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Amazon Ring doorbells exposed home Wi-Fi passwords to hackers

Zack Whittaker
SILVER SPRING, MARYLAND - AUGUST 28: A doorbell device with a built-in camera made by home security company Ring is seen on August 28, 2019 in Silver Spring, Maryland. These devices allow users to see video footage of who is at their front door when the bell is pressed or when motion activates the camera. According to reports, Ring has made video-sharing partnerships with more than 400 police forces across the United States, granting them access to camera footage with the homeowners’ permission in what the company calls the nation’s 'new neighborhood watch.' (Photo by Chip Somodevilla/Getty Images)

Security researchers have discovered a vulnerability in Ring doorbells that exposed the passwords for the Wi-Fi networks to which they were connected.

Bitdefender said the Amazon-owned doorbell was sending owners' Wi-Fi passwords in cleartext as the doorbell joins the local network, allowing nearby hackers to intercept the Wi-Fi password and gain access to the network to launch larger attacks or conduct surveillance.

"When first configuring the device, the smartphone app must send the wireless network credentials. This takes place in an unsecure manner, through an unprotected access point," said Bitdefender. "Once this network is up, the app connects to it automatically, queries the device, then sends the credentials to the local network."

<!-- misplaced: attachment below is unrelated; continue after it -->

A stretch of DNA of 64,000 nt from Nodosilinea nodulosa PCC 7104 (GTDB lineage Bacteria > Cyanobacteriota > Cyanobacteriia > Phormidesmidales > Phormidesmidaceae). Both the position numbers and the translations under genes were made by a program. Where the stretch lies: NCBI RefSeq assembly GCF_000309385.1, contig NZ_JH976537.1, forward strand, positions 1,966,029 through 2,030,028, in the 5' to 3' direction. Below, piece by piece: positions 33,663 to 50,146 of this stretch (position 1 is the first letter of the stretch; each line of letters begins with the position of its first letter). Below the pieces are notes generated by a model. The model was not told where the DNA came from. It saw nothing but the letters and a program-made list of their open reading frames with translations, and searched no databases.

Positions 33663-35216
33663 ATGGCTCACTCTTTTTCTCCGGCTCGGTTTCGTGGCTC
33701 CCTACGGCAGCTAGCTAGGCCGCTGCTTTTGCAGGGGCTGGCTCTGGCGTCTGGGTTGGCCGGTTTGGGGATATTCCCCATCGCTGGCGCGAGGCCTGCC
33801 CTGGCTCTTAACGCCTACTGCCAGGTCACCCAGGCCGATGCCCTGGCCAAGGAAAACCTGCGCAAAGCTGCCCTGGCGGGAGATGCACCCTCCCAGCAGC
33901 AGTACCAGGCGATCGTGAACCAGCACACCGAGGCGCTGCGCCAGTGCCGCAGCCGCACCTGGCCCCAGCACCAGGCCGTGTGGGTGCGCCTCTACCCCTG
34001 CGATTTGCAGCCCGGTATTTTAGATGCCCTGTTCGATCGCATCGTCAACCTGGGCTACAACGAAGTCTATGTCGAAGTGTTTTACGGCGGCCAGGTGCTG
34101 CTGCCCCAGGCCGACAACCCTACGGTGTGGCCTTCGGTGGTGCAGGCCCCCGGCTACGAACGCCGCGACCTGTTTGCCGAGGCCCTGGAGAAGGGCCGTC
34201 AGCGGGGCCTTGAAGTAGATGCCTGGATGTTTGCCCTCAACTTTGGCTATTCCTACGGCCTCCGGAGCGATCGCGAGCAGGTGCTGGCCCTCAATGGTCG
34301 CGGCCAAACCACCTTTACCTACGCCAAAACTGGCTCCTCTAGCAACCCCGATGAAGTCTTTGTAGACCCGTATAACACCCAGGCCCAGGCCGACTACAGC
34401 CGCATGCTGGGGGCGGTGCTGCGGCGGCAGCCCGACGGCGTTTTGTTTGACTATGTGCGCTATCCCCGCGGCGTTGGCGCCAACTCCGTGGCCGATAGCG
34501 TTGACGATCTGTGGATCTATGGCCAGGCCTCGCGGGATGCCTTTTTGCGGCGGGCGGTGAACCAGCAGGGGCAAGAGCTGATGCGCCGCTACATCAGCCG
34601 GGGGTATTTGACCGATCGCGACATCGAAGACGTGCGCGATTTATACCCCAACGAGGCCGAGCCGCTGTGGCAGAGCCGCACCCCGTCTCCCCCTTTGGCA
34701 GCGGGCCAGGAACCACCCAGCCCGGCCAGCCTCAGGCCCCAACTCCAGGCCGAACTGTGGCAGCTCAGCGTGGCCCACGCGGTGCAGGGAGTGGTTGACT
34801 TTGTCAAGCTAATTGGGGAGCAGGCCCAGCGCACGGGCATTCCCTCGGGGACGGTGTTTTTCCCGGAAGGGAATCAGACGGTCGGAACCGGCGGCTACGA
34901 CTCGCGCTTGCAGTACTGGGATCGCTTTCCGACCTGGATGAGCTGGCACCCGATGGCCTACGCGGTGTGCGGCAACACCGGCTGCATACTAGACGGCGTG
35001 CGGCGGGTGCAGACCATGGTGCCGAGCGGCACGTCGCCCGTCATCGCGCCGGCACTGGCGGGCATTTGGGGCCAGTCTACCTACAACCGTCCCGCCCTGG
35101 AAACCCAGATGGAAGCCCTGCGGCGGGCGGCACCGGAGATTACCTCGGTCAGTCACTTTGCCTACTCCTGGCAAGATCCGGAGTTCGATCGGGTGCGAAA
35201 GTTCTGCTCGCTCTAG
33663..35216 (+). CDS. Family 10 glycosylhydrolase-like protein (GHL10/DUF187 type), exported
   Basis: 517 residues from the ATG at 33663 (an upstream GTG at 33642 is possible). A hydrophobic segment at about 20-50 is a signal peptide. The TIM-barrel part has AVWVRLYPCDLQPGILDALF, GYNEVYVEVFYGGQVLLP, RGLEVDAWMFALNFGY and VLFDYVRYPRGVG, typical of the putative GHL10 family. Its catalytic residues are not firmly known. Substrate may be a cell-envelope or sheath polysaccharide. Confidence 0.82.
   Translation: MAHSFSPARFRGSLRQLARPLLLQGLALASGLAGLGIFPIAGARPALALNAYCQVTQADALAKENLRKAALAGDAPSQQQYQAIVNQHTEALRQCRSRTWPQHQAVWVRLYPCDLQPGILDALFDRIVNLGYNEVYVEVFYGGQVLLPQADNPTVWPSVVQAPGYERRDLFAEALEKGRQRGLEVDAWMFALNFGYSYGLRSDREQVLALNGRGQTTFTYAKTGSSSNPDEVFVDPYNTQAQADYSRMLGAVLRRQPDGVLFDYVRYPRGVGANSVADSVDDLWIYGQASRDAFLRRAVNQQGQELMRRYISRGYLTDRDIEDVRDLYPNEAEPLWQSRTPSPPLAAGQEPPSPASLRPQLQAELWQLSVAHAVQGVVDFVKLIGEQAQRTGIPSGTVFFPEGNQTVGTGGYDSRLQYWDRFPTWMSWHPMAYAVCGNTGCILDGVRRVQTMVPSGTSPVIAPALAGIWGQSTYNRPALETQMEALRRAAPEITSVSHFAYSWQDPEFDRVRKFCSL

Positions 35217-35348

But all of this is carried out over an unencrypted connection, exposing the Wi-Fi password that is sent over the air.

Amazon fixed the vulnerability in all Ring devices in September, but the vulnerability was only disclosed today.

It's another example of smart home technology suffering from security issues. As much as smart home devices are designed to make our lives easier and homes more secure, researchers keep finding vulnerabilities that allow them to get access to the very thing they're trying to protect.

Earlier this year, flaws in a popular smart home hub allowed researchers to break into a person's home by triggering a smart lock to unbolt the door.

Amazon has faced intense scrutiny in recent months for Ring's work with law enforcement. Several news outlets, including Gizmodo, have detailed the close relationship Ring has with police departments, including their Ring-related messaging.

It was reported this week that Ring had bragged on Instagram about tracking millions of trick-or-treaters this Halloween.

Security flaws in a popular smart home hub let hackers unlock front doors